On the last day of 2010, my final design to share is an angled frame:
I first flirted with this idea back in March, initially thinking of it as a picture frame. The more I look at it, the more I think of it as a decorative edging for a frame and panel section of some piece of modern furniture. I haven’t come up with the correct application yet, so I just have this frame. There is definitely attitude in this frame, a little aggressive, so it will need the perfect fit.
As I’m posting this on the final few minutes of 2010, let me take a few lines to reflect on this challenge. Obviously, failing to post 52 designs means I didn’t get to “a design a week.” By getting to 26, I did manage to post a new design every other week. For having never done any serious sketching in my life, I think it is quite the accomplishment despite not reaching the initial goal.
I want to thank everyone who has dropped in during this exercise. I couldn’t have made it this far without your encouragement, suggestions, and feedback. Make sure to check back for more crazy ideas, designs, and challenges in 2011. Happy New Year!
I had planned one more entry for my round table series, but after several attempts at my last idea, I just can’t seem to make it work. Maybe I’ll revisit it at a later date. Moving on, I present a wood-crossed coffee table:
This table arose from a simple idea that got refined with every iteration. Originally, it was a simple cross:
But it eventually made its way through several small changes before arriving at the first picture.
I felt like the original drawing was too bulky, so I added the inner cross to the center of the piece – as seen in sketch 1. After drawing it, it looked flimsy and would be a huge P.I.T.A. to build, because those inner squares are separate from the outer wings. With those two thoughts in mind, I came up with sketch 2 – where I clipped the inner corners and widened the inner cross. I really like how that design balanced the piece, so much that it is the direction I went with the SketchUp drawing atop this post. I drew sketch 3 to make sure that I hadn’t made a mistake making the inner cross wider. I just needed the visual confirmation to confirm my choice. Sketch 4 contains the same cross as sketch 2, but rather than straight edged wings, I’ve made them curved. My wife definitely likes that version best and I might as well. I thought about drawing #4 in SketchUp, but I felt that the straight edge piece would be easier (and quicker). If nothing else, sketch 4 gives me some closure to the round table series.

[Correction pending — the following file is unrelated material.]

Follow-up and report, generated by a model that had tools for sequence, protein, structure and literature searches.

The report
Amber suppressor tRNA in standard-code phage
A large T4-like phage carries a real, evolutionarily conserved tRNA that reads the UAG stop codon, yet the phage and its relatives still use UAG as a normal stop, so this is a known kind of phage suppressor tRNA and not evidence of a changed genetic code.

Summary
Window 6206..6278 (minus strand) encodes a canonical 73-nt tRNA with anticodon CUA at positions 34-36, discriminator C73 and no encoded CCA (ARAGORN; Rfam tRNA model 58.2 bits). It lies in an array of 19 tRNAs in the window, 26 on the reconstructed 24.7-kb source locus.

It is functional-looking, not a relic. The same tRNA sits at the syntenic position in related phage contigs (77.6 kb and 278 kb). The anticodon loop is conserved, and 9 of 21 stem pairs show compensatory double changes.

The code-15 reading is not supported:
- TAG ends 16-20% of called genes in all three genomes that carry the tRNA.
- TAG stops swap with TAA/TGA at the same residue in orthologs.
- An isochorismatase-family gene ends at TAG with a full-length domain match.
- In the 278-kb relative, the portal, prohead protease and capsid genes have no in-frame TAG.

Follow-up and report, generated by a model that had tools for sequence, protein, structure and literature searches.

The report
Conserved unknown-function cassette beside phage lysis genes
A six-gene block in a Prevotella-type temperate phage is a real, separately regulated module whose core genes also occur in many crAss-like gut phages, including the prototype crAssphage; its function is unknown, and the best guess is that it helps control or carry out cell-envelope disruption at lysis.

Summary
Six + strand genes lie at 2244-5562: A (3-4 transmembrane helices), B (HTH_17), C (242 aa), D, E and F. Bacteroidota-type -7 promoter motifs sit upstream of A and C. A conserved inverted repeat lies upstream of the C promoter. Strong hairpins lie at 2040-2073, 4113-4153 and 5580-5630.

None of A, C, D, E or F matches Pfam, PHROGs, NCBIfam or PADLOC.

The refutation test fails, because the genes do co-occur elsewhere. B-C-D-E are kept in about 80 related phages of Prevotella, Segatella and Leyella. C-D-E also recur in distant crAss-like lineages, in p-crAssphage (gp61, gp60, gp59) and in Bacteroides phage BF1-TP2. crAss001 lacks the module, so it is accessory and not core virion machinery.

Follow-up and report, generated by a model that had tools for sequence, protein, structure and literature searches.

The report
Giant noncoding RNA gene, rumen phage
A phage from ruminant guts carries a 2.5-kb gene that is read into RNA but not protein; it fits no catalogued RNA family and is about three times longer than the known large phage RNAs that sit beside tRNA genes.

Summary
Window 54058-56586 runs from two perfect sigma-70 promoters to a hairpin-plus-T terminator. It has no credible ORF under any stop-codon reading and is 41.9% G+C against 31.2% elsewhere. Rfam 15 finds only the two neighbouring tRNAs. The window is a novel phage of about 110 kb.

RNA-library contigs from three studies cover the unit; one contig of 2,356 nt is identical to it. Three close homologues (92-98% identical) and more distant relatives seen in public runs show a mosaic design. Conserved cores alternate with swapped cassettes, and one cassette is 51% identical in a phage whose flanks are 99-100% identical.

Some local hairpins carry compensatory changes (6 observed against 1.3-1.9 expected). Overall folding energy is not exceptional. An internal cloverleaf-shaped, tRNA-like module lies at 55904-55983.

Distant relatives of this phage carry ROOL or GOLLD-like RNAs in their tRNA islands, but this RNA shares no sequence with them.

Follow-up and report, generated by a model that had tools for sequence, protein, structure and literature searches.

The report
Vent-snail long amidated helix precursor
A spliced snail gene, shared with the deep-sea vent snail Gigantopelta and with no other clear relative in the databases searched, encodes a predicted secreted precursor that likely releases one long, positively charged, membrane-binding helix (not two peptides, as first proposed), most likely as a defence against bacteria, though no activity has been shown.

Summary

When I first started working on Briana’s crib, I was already thinking about this week’s design – a coffee table:
I’ve thought of a few possible variations on the details of this piece, perhaps adding keys to the mitres at the top of the legs. I’ve also envisioned a couple of different bandings of a third wood that wrap the legs and center cross pieces. Right now I see the frame being made of walnut with maple plywood for the panels. Maybe I should choose a more figured wood for the panels. It would be more distinctive, but would it be too busy?
I’d also like to put in a plug for SketchUp here; it’s the program I used to create this drawing, as well as the drawing for Week 1’s end table. I do actually plan on building this table and that task would have been ridiculouly more difficult, if not impossible, without having created this detailed of a drawing. If anyone is interested, I can post a picture of one of the tabletop sides and the crazy overlapping cuts/joinery contained in just that one component.
I’ve been following Jamon Schlimgen blog over at The Drawing Boards for a few months now, so I was excited to see his commitment to designing something new every day of this year. Interacting with something new each day has been a great mental exercise, not just for Jamon, but for myself as well.
Even outside of Jamon’s site, there has been plenty of encouragement within the woodworking blogging community around sketching up new ideas whenever the muse strikes. So in this spirit, I’ve decided to sketch on a regular basis. I know I wouldn’t be able to maintain a daily batch of drawings, so I’m committing to something new each week.
Here’s is my catch-up for Week 1 – a Compound Tapered Leg Side Table:
I got the flash of inspiration for this table while listening to Bob Rozaieski‘s podcast, Hand Tools & Techniques. In Episode 12, Bob is building a story stick for a porringer top tea table. As he’s describing some of the dimensions, he talks about the height of the “knee” on the table leg. For some reason, hearing that work struck a chord within me and this table was the result.
I like the simplicity of this piece. It is all straight lines, yet it avoids looking like a box. Having the table top offset from shelf by 45 degrees also adds a dynamic element to the piece. If you wanted to spice it up, you could add an ogee profile or even a simple chamfer to the table top. I think I’ll add this to the list of pieces I’d like to build. Getting those multi-tapered legs cut will require a lot of thinking and planning to get right.
Bringing this idea to light was a labor of love – I just could not manage to draw it 3-D by hand. Hopefully my drawing will improve over the course of this exercise and I won’t have to build everything in Sketch-Up!
If you are interested in starting your own sketching exercise and need a place to get exposure and feedback, check out Jamon’s new community design effort Furniture Design and submit your own designs!